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Parental Role in Managing Sexual Assault

Sexual assault is a form of sexual violence, involves any involuntary sexual act in which a person is forced to engage in sexual act against their will. Examples of sexual assaults are rape, attempted rape, groping and child sexual abuse.

Sexual assaults on children are far more serious because it can cause long-term negative psychological and emotional impact to victims and their families. Parents’ roles are crucial in helping children because they need ongoing support and protection. It is very important for parents not to blame the child for the abuse.

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What parents can help:

  1. Spend time with your children and let them know you love them. Establish a relationship of faith and trust with them.

  2. Meet everyone who works with your child.

  3. Know warning signs and risk factors for abuse.

  4. Respect your children and be sensitive to their emotional needs.

  5. Look for warning signs or changes in your child

    • Sexual behavior that is way beyond their years

    • Regressive behavior (behaving much younger than they are)

    • Increased dependency on non-abusing adults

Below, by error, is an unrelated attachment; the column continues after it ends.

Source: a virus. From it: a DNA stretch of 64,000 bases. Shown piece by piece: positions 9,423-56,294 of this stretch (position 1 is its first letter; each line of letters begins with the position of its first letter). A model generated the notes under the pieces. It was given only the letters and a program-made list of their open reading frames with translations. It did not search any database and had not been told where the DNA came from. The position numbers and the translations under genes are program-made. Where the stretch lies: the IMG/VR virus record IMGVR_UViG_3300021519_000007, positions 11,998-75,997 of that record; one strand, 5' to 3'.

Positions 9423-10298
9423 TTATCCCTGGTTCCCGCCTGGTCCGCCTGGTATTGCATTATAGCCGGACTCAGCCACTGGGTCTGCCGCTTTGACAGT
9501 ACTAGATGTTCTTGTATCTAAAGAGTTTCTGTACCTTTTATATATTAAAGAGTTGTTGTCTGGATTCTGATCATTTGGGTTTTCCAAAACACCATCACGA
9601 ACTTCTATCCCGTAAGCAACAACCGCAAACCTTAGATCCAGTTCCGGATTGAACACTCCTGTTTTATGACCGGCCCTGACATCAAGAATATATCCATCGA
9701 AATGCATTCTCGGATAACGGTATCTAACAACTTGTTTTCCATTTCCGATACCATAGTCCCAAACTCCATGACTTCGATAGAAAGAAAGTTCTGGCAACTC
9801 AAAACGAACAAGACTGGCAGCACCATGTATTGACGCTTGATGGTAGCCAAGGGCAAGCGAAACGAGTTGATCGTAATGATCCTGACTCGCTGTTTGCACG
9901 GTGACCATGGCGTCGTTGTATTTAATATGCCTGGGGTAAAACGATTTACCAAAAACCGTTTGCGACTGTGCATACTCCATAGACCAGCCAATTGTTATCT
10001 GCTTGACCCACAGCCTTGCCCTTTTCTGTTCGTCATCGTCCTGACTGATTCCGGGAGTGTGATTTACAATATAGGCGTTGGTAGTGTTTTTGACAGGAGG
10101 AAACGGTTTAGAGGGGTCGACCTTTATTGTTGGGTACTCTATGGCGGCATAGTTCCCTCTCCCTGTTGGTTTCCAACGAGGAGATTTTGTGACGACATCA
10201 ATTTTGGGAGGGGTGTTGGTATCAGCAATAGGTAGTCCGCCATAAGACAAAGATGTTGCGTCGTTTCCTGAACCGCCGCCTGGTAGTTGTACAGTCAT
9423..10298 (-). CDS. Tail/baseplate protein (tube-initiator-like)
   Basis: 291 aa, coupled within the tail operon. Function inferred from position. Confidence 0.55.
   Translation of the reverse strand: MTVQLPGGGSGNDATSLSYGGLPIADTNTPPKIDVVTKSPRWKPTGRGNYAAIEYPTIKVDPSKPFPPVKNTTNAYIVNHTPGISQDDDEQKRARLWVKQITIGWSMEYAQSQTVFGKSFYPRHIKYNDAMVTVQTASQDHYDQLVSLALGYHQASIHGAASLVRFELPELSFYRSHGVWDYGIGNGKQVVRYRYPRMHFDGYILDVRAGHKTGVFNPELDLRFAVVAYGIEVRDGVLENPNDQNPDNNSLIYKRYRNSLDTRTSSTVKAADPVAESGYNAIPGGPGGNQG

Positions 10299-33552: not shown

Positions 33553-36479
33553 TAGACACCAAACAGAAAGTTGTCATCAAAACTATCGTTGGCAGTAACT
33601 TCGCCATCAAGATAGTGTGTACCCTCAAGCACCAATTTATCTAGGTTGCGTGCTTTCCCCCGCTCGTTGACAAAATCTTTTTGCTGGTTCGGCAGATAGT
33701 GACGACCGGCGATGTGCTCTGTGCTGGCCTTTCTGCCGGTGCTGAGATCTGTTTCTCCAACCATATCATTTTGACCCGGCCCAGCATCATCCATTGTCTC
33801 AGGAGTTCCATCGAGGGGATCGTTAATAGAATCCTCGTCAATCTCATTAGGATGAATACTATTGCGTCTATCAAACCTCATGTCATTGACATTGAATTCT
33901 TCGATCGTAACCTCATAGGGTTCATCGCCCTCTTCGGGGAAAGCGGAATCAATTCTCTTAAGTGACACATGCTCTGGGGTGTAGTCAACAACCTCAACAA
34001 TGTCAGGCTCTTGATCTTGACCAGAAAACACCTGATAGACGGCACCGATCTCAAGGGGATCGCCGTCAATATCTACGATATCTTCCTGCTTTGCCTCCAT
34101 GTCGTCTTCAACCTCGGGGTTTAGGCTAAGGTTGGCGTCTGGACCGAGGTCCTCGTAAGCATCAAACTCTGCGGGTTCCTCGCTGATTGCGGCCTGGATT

• Withdrawal and isolation from others

    • Increased aggressiveness or hostility

    • Sudden fear of the dark

    • Frequent nightmares

    • Changes in sleep (either lack of sleep or increased sleeping).

  6. If you suspect sexual abuse/ assault, ask questions and encourage your child to talk. Use open-ended questions.

  7. Tell them you believe them and you do not blame them.

  8. Reassure and support them. Tell them you will never be mad.

  9. Tell them you will protect and keep them safe.

  10. Give them time and space to talk at their own pace.

  11. Provide opportunity for your child to talk to you privately. Allow them to talk about how they feel.

  12. Be calm when talking with your child.

  13. Educate yourself on effects of child sexual abuse so that you can best support yourself and your child.

  14. Get professional help.

DO NOT:

  1. Blame your child for what happened.

  2. Suggest or tell your child that it would have been better if they had not told anyone.

  3. Tell your child that you blame yourself

  4. Tell your child to forget it ever happened

  5. Tell your child not to talk about it

  6. Get upset when your child talks about the abuse.

Parents need to remember that:

  1. They have a vital role in helping children to recover from sexual abuse.

  2. You are not responsible for the abuse. The abuser is the only person responsible.

  3. Seek help and look after yourself, as well as your child’s needs.

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Reference:

  1. http://en.wikipedia.org/wiki/Sexual_assault

  2. http://www.betterhealth.vic.gov.au

  3. How to protect your kids from pedophiles, from having that first talk to recognizing signs of sexual abuse. http://www.parenting.com

  4. Patty Onderko. Tips for Child Sex Abuse Prevention.

 

Last Reviewed : 18 December 2014
Writer : Dr. Norharlina bte. Bahar
Accreditor : Datin Dr. Sheila Marimuthu